How to Change / Overclock the PCIe Frequency
The PCIe bus frequency can be changed via the BIOS on your motherboard.
Depending upon the BIOS version you have, the location of the settings may differ.
However, what you are essentially looking for are PCIe settings. There you may find controls for the PCIe Frequency.
The following image is an example of what to look for in your BIOS.
Image: PCIe frequency settings in BIOS
Benefits of Overclocking PCIe Frequency
The obvious benefit of overclocking includes increased data rates across the system.
Increasing the clock speeds can help with the rendering of textures and improve the frame rate.
Furthermore, users have also noticed some significant improvements in frame rates in some very demanding games. You can even get better performance in benchmarks when using expansion cards over an overclocked PCIe bus.
A User Performance Case Study on PCIe Overclock
Here we will reference one of the user case studies on Tomshardware. It is worth noting that the case study is fairly old, but it does convey the overall message.
The user here overclocked the base 100 MHz frequency to a whopping 130 MHz! This is absolutely not recommended unless you are not concerned about frying your system.
Anyhow, the following results were concluded for the two benchmarks that do matter for gamers.
Dirt 2 with Ultra Settings
Here you can see a 2.3%.
Here you can see a 5% increase in performance.
Overall, the performance difference, in my opinion, is a bit underwhelming given that it comes at the cost of huge system instability.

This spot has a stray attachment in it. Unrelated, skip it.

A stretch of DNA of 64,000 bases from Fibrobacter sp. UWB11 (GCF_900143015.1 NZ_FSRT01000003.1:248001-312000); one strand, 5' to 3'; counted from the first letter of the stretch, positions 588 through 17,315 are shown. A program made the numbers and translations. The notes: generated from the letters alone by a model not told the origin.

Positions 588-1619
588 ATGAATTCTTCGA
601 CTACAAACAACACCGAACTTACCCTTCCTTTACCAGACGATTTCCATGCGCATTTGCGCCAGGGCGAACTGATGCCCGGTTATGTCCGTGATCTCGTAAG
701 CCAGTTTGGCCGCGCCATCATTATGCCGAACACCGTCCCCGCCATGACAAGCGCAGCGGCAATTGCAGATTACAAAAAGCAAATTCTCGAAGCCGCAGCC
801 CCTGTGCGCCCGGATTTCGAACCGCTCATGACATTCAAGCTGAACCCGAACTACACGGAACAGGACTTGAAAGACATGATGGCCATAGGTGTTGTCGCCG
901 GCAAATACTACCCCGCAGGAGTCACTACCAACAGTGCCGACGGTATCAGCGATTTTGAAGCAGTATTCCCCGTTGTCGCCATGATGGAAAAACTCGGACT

However, for overclockers who want to squeeze even the tiniest bit out of their gaming hardware, PCIe overclocking can be explored.
Drawback of Changing PCIe Frequency
You must note that EVERY connected peripheral on your PC relies on the PCIe bus, even the SATA controller that connects with the hard disks, sound card on the motherboard, the Wifi adapter etc
Therefore, an issue with the PCIe bus can result in issues for all of your system components. The worst of this issue could be data loss on your hard disks.
Overclocking any part of the computer introduces certain risks to the system, but on components like the CPU and GPU, the errors are localized.
Risk involving PCIe, on the other hand, can have a trickle down effect on the rest of your hardware.
One of the users wrote:
I actually managed to ruin my old 4890 [ATI RADEON 4890] running the PCI-E Bus significantly out of spec (112mhz). – Brampton_Boy – HardForum.com
One of the things you may notice is that the system will run a bit hotter. The computer will be drawing in more current and heat will be produced in the process. The heat will need to go somewhere – preferably outside the computer.
If you do not have a good cooling solution, you may end up getting poor performance even with a higher clock speed due to throttling, which is a safeguard that’s put in place to protect the components of the system from damage due to excessive heat.
But besides the overheat, the one very important and common issue with PCIe overclocking is system crashes or the expansion cards installed failing to operate.
Image: Blue Screen of Death, aka BSOD, a common issue that occurs when hardware fails.
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If you are an enthusiast and adamant on overclocking your PCIe bus, then, it is important to know what should I set PCIe frequency when overclocking so that you do not damage your PC.
A safe value means you will suffer fewer problems down the road and also get to enjoy slightly better performance from your hardware.
Overclocking PCIe bus isn’t for everyone and different builds will work with different values. So, to get what value works for yours, you will need to do some experimentation.
The actual number will depend on the motherboard as well as the chipset, but testing your frequency and increasing in small increments will let you find a suitable and stable value for your PCIe frequency when overclocking.
Just do not go overboard.